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Riding Shotgun With Superstars: Slow Food and Fast Cars With Michael Mina

Andrew Dalton | December 9, 2014 | Lifestyle Story City Life

Part One: Brian Boitano
Part Two: Heklina
Part Three: Michael Mina
Part Four: Jane Kim

Michael Mina’s morning commute from his home in the Marin hamlet of Nicasio to his newest Bay Area restaurant, Bourbon Steak & Pub in Santa Clara’s Levi’s Stadium, takes two and a half hours. “It’s a serious commute,” he says. “Not for the weak.” On a really good day, with no traffic on 580, he can wrap up the drive in an hour and a half. His choice of automobile makes it easier: “A Mercedes E550,” he volunteers proudly. “It’s really fast.”

The creator of 24 restaurants, Mina makes regular trips to check on the rest of his restaurant empire, which stretches from Seattle to Miami. For the past few months, though, the chef has been preoccupied with his new venture at Levi’s Stadium. At around 8:15 a.m., after dropping the youngest of his two kids at school, he’s off to Santa Clara to put the finishing touches on what he hopes will become the first restaurant in a football stadium to earn a Michelin star. A 23-year 49ers season-ticket holder and devoted Candlestick parking lot griller, he is also overseeing a self-branded, members-only tailgate concept called, simply enough, Tailgate. For $5,000 per season, members receive entry to a private game-day area featuring endless drinks and the opportunity to eat food designed by Mina with a rotating lineup of star chefs. “This week we have Thomas Keller, actually,” he says.

As he does for all of his openings, Mina is managing the kitchen himself during its first six weeks to work out the kinks. With the new eatery still finding its rhythm, he spends the day acting more like its quarterback than its owner. When you’re running service, he says, “the whole system is flowing through you. It’s like riding a bike.” Once things are going smoothly, his lieutenants will carry on without him.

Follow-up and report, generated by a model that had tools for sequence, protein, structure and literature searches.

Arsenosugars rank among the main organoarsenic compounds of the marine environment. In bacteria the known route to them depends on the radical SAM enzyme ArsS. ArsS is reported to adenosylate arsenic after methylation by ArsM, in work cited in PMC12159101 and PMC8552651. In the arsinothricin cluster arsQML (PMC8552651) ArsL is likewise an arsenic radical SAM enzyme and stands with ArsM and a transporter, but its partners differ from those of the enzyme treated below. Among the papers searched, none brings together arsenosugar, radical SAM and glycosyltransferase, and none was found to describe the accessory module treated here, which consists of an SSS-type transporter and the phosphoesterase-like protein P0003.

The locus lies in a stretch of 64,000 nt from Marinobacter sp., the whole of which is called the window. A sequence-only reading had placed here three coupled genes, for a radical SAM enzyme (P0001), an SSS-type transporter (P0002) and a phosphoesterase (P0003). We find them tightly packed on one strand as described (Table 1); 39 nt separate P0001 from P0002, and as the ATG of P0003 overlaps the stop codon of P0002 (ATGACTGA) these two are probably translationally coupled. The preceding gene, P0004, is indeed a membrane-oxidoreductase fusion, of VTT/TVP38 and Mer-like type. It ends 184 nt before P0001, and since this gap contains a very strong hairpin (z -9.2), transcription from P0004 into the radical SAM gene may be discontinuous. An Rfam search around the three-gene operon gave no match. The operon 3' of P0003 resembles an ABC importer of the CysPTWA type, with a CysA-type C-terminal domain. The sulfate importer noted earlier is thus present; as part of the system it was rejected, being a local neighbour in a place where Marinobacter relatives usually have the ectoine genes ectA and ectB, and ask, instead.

Despite its relatively remote location and the absence of a Wednesday-night football game, the pub has drawn an evening crowd— the stools are filled with baseball fans watching the Giants play a wild-card game against the Pirates. Downstairs, the Tailgate section’s kitchen has morphed into a four-star factory for a big-ticket dinner benefiting the cancer nonprofit the Family Reach Foundation and featuring chefs Ming Tsai, Charles Phan, Dominique Crenn, and Bill Corbett. Out front, the event’s marquee sponsors, Marc and Lynne Benioff, are seated at a table next to wunderkind Niners owner Jed York.

If running a restaurant and a pricey charity dinner simultaneously is a stressful undertaking, you wouldn’t know it from Mina’s laid-back demeanor. Taking the podium to welcome the guests who paid $10,000 a table to be in the presence of this constellation of Michelin stars, he is warm and genial, seemingly only slightly nervous. Still, one gets the impression that he is more comfortable letting his food do the talking.

After the event, which lasts well beyond the Giants’ 8–0 win over the Pirates, Mina heads north on a mercifully quicker return trip to Marin. The drive is Mina’s time to catch up with his chefs around the country as they wrap up their nightly service. Not until he hits San Rafael, after dinner service is over, do the phone calls stop. Then the E550 becomes Mina’s meditation space, tracing the winding roads back to Nicasio.

Originally published in the December issue of San Francisco

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